Your first requirement is to keep the health department happy, this way you are up to code, no worries and no games, equipment, ie. sinks, plumbing systems, etc. can be purchased used if you don't mind doing alot of cleaning, as long as it gets the job done, then go for it. Second set is your construction. As a kiosk builder myself, I know all about the cabinetry end and build in modular formats so they can be put in place and not "built" into it. This not only allows you to rearange, but you can take it with you. In this case, your goal is to just cut every possible corner, and much of it will require using the existing structure of the building to make the cabinetry stable.

Making things look good on the other hand is a different matter, so expect to make mistakes and expect to have to do things more then once. At least you are working with basically crap material wise so it's not a huge loss, but there are a few things you just have to do a little research upon.

I'll break it down, trying to keep it as brief as possible.

Flooring, - stick-em tiles, and only then if the current flooring needs work., as long as it's mop-able, you'll be good to go, if it's beat up and will require extensive work, then I'd opt to hit it with a belt sander and use the garage floor coating paint they have that seems to be pretty popular. The goal is to create a non porus, cleanable surface and nothing more at this point.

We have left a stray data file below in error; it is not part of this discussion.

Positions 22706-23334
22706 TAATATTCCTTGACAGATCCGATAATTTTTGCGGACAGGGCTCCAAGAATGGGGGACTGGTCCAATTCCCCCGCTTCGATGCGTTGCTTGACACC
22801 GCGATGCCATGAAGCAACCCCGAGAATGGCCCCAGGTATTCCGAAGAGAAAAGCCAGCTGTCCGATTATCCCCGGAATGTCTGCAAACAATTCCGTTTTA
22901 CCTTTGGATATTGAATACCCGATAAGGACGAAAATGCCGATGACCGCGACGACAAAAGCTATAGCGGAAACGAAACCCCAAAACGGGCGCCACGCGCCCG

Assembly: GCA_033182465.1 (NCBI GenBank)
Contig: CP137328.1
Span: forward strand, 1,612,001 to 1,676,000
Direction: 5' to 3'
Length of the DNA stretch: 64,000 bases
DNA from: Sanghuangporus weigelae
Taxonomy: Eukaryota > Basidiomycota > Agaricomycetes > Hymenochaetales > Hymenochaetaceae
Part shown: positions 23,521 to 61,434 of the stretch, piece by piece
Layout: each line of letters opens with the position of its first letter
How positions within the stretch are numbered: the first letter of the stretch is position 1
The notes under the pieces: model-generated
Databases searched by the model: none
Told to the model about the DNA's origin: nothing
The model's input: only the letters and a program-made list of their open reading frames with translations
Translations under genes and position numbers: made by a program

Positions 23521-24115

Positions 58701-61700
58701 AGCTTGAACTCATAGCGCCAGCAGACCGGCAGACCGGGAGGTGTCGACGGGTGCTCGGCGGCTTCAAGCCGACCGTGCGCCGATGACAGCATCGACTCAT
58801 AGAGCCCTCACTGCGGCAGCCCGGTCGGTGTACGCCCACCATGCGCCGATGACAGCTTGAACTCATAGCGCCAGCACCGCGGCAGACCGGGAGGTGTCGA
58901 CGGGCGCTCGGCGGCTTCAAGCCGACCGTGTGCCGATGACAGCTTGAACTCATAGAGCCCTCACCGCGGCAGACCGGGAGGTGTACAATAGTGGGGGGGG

Cabinetry, 1/2" particle board, you can even have home depot or lowes cut it to size for you, just use a heavy layer of non porus paint to the exposed areas, instructions for the hinges and handles on the doors are included within the hardware you buy itself. You can also use those cheezy home depot counters if you want to avoid laminating a counter, alternatives would be sponge paint with a minwax clear coating, or, use hardwood and simply minwax that as well. Along the edging, they make wood edge banding that just irons on. The design itself, well, just plaster a strip of wood to the walls to act as a mounting plate and L bracket each divider "square piece of wood" onto it. You'll need a square, level and measuring tape to do so, but afterwards, you are just laying down a piece of wood, and can glue it in place if you want to get even more hands off.

Walls, Paint/goodwill pictures, chalk board, general crap you'd normally see hanging on the walls at any local cafe. The idea here, cheap.

Ambiance, you may have to sacrifice your home stereo system to the cafe, but sound will make up for a budget operation, I'd keep the lighting more dim as well to go in sinc with it all. Let your equipment and signage accent the area and when you are ready to put forth some real money into it, you can easily tear out what exists since there wasn't anything into it in the first place.